Patrick Fung, MD, believes the Word of God is indispensable to the revival, transformation and mission of God's people. At the Urbana 15 Student Missions Conference being held this week by InterVarsity in St. Louis, Mo., Fung is emphasizing passages of Scripture from the Gospel of Matthew. Urbana combines worship, seminars, speakers and exhibitors for five days among 16,000 participants.
Fung is the 10th director of OMF International (formerly the China Inland Mission) and is the first Asian to lead the ministry. During his time as a medical student in Sydney, Australia, he came to faith in Christ. He was later admitted to the Royal College of Physicians in the United Kingdom and the Hong Kong Academy of Medicine and served as a doctor in Hong Kong specializing in internal medicine. He went on to receive a diploma in Christian studies from the China Graduate School of Theology in Hong Kong and a master's degree in missiology from Fuller Theological Seminary.
"Missions is not about us. It's not our mission. It's God's mission to the world. It's God's salvation to the peoples of the world," said Fung in a blog interview this week related to the Urbana 15 conference.
"When Jesus says, '...all authority in heaven and on earth has been given to me,' He's claiming the lordship of the whole world. Missions is calling the world to obedience to Him."
Missions may not begin directly with evangelism, but missions which does not end with calling people to obedience to Jesus Christ is not holistic missions, explained Fung. "It's defective missions. You can have different starting points, but the ultimate call is to call people to live in obedience to Jesus Christ. It's not just conversion, but following him. It's very simple. Follow Jesus unconditionally."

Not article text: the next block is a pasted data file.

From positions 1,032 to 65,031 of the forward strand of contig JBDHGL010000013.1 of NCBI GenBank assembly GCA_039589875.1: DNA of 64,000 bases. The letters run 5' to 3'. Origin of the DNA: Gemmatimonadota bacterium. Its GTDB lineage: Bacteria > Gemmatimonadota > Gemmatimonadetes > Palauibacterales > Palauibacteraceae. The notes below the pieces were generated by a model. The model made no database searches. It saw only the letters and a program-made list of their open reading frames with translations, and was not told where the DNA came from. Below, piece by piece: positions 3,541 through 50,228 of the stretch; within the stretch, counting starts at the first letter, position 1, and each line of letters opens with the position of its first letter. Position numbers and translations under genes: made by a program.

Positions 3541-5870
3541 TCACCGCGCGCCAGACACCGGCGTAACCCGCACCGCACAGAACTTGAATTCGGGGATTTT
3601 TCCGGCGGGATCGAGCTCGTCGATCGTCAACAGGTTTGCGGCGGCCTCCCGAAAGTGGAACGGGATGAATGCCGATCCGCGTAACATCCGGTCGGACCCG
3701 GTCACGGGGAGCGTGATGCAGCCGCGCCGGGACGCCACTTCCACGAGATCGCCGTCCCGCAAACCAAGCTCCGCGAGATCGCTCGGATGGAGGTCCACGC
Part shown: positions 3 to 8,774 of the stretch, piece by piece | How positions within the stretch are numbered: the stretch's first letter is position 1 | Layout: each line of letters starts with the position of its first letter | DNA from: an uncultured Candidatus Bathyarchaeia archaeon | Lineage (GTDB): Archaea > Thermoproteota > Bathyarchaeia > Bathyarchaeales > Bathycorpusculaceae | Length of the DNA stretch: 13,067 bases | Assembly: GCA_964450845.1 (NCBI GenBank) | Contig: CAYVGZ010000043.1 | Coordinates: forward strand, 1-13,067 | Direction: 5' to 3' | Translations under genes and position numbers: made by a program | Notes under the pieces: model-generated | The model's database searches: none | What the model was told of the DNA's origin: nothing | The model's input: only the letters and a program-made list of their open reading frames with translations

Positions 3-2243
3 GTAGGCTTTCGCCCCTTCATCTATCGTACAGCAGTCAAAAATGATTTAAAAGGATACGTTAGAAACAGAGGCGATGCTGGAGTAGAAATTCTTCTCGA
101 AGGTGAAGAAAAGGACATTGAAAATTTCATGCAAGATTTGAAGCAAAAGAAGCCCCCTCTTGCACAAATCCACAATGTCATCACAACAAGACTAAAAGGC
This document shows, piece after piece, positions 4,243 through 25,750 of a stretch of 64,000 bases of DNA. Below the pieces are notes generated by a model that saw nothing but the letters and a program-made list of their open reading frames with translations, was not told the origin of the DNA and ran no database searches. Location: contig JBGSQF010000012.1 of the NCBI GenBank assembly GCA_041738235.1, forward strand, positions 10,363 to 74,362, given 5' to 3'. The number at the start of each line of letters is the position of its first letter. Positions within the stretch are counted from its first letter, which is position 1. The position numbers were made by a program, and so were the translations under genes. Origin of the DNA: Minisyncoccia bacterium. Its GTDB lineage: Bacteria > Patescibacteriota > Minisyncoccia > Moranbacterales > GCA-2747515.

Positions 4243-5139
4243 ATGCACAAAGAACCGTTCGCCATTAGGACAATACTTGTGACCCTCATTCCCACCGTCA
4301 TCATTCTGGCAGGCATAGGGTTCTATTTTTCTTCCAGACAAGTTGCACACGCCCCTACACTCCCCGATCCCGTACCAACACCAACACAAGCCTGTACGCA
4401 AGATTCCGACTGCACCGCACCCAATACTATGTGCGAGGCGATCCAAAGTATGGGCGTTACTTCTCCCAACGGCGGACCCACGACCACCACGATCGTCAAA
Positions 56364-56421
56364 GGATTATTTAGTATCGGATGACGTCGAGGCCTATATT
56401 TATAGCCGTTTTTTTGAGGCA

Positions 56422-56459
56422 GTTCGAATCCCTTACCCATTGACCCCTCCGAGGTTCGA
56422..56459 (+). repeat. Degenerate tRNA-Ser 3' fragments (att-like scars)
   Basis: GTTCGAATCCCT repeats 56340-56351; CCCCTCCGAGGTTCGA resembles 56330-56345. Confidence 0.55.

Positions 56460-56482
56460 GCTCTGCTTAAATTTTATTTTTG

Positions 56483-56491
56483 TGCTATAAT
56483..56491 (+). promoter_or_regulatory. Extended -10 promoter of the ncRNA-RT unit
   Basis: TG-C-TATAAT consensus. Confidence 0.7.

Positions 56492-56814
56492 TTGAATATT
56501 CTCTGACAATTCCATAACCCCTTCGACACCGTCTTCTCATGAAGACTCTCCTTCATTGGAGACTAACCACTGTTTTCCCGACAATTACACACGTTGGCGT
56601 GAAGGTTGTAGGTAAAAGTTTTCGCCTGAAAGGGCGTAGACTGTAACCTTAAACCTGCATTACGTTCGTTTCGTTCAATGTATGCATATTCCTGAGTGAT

"Missions is not about need. Of course, there are needs and of course, there are people who want to help meet those needs. But if you read that chapter the point is to obey, to follow God's purpose."
Fung said he thinks Christians need to ask God: 'What is it you want me to do to fulfill your purpose?' "Let's go to God with open hands, an open agenda. Sometimes we have a fixed agenda, and we want God to bless what we want to do. Our challenge is to come to God with an open agenda-let God decide what he wants."
This generation has experienced brokenness beyond imagination, and often we have not seen what is a healthy family or a healthy marriage, he said. "We grew up with brokenness. We've seen marriages broken up. We've seen relationships betrayed. So the new generation often has a distorted picture of authority. They actually despise authority, because they've never seen one who handles authority well. If the millennial generation has never seen what is a good father, how can they accept authority from the heavenly Father?"
Fung said people need to relearn-unlearn-what has troubled us. "Then I think we can be used by God. Otherwise, we are haunted by this distorted image of authority. If we have a healthy image of authority, then we have a healthy image of self. We don't have to prove anything; we don't have to prove ourselves."
"In every generation, God is looking for people who are humble. College students are very gifted people. We have gifts. We have talents. We have abilities. We have money. We have resources. But God may not use all of that to advance his Kingdom. So be humble. Look at what God is doing in other parts of the world. Be humble. Don't just think about North America. God is doing wonderful things in other parts of the world-Latin America, India, Africa. Listen to voices from those places, as well. What God is doing among them will keep us humble," he suggests.